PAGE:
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OK, so how do I get the source from a document?  RSS feed

 
Darrin Smith
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I have several JTextField components on a panel and I want to treat text change events to these components alike in some way.

Instead of having a dedicated DocumentListener for each one, I thought that I would do what I have done with ActionEvents. In short, use the getSource method to see exactly what component I'm dealing with (the one that was modified to fire the actionPerformed method call).

Well....DocumentEvent doesn't inherit getSource()!

So, how do I find out the component that was changed that caused the DocumentListener to be called?

Thanks!
 
Eric Snell
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Not sure what you're trying to accomplish...

Instead of chasing up the containment chain, you could do something like:


You'll end up with N listeners and not the 1 for which you're asking, but this solution is not "heavy".
 
Darrin Smith
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What I have is a JTextField that is logically associated with other JTextFields (on the same "row" in a JPanel).

When the text in the first (the trigger) JTextField is modified, I want to toggle the row it is associated with either into, or out of, action (visible or invisible for example).

Only the scpecific row of associated JTextFields should be affected, not the ones in the other rows below or above the JTextField that was used as the trigger.

For example, think of the items below as JTextFields. If T2 is modified, A2, B2, and D2 will be toggled, but not A1, B1, C1, D1 or A3, B3, C3, or D3.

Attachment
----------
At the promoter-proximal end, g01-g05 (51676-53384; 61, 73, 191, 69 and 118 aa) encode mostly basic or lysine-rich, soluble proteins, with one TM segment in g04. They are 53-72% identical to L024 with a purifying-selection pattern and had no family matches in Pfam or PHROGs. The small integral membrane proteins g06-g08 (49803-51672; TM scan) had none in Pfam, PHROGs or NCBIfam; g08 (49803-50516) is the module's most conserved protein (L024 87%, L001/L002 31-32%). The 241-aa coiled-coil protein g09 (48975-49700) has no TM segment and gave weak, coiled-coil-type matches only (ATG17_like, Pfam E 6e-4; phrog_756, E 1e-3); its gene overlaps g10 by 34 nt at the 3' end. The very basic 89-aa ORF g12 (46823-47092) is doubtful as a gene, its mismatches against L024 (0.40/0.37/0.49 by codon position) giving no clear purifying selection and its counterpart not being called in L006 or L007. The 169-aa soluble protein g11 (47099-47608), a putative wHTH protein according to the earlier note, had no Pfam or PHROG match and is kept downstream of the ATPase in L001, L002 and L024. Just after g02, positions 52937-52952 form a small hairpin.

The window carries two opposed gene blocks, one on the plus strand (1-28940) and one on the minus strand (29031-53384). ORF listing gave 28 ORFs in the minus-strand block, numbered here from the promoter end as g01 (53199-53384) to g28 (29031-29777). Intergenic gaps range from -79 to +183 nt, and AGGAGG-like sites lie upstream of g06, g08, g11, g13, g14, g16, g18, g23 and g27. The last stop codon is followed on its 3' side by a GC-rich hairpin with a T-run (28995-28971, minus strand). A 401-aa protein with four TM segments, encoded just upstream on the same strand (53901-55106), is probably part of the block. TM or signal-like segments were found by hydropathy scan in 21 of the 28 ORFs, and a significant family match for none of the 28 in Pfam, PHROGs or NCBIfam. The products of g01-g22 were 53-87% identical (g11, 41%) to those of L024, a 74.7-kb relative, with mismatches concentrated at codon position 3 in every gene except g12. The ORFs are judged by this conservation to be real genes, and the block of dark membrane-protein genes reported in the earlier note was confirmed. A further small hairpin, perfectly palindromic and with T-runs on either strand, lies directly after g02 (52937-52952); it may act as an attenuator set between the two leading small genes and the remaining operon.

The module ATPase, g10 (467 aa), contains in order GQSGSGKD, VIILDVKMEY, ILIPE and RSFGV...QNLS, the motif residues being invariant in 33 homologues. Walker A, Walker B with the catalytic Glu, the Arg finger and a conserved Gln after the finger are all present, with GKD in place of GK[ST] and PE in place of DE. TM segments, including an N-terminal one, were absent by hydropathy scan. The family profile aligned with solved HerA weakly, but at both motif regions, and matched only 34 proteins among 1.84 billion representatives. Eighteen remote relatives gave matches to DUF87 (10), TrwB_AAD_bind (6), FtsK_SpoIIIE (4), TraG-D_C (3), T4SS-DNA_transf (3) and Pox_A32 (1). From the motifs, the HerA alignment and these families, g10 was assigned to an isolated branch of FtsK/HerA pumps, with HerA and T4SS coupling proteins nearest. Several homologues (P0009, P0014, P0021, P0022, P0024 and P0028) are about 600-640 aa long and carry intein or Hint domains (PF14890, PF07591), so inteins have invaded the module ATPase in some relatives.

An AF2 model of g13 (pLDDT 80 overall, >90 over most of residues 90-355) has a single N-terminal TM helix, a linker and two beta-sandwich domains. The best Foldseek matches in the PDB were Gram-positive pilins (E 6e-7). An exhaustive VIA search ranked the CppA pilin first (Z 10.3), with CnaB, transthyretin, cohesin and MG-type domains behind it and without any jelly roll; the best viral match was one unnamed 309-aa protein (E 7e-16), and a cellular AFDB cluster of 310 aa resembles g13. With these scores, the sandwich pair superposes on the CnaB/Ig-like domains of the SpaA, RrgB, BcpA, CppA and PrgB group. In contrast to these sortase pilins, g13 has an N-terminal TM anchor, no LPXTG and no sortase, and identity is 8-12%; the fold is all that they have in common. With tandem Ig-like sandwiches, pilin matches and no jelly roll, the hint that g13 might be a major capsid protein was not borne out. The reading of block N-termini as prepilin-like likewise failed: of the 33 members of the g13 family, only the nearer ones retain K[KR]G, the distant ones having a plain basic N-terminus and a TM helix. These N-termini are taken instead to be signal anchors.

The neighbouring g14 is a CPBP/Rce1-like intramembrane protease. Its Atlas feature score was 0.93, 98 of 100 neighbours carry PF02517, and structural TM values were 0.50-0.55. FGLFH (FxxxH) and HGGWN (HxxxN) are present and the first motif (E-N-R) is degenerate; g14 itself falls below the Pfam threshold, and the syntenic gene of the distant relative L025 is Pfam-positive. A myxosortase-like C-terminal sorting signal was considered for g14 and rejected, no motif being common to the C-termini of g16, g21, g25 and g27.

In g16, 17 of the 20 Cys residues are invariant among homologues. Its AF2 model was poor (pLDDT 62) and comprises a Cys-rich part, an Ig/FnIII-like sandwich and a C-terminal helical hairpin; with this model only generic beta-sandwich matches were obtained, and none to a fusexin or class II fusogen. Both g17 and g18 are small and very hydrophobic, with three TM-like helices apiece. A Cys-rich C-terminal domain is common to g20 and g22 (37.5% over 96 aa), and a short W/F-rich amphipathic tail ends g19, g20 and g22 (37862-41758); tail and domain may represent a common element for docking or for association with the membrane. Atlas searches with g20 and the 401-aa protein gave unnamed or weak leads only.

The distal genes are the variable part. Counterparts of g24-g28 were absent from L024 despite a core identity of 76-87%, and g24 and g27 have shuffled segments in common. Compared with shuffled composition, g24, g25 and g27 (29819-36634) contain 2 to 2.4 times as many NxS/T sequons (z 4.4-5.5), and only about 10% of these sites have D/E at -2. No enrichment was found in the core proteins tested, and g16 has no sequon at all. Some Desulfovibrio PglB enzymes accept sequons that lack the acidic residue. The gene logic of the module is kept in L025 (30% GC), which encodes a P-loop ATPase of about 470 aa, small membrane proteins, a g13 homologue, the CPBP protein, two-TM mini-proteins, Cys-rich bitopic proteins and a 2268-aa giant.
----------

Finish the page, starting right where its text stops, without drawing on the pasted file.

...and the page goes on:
T1 A1 B1 C1 D1
T2 A2 B2 C2 D2
T3 A3 B3 C3 D3


If T1, T2, and T3 each share a common DocumentListener, then how can you determine which trigger ( T1, T2, or T3) was actually modified?

If it were an ActionEvent instead of a DocumentEvent, then you could use the getSource method, but DocumentEvent does not have a getSource.

I know that T1, T2, and T3 could each have their own seperate DocumentEvent so you would know which one was modified, but I have many T# fields, and I would rather not create a distinct DocumentListener for each.

What I've decided to do (unless there is a better way) is create a constructor for my DocumentListener implementing class that takes an indicator of the associated row. I can then inspect that to see what row to update.
[ June 10, 2004: Message edited by: Darrin Smith ]
 
Eric Snell
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Originally posted by Darrin Smith:
What I've decided to do (unless there is a better way) is create a constructor for my DocumentListener implementing class that takes an indicator of the associated row. I can then inspect that to see what row to update.


That's the same as the solution I suggested (you just use a different parameter).

You could always see which one has the keyboard focus, but that seems like a hack. Your solution seems fine.
 
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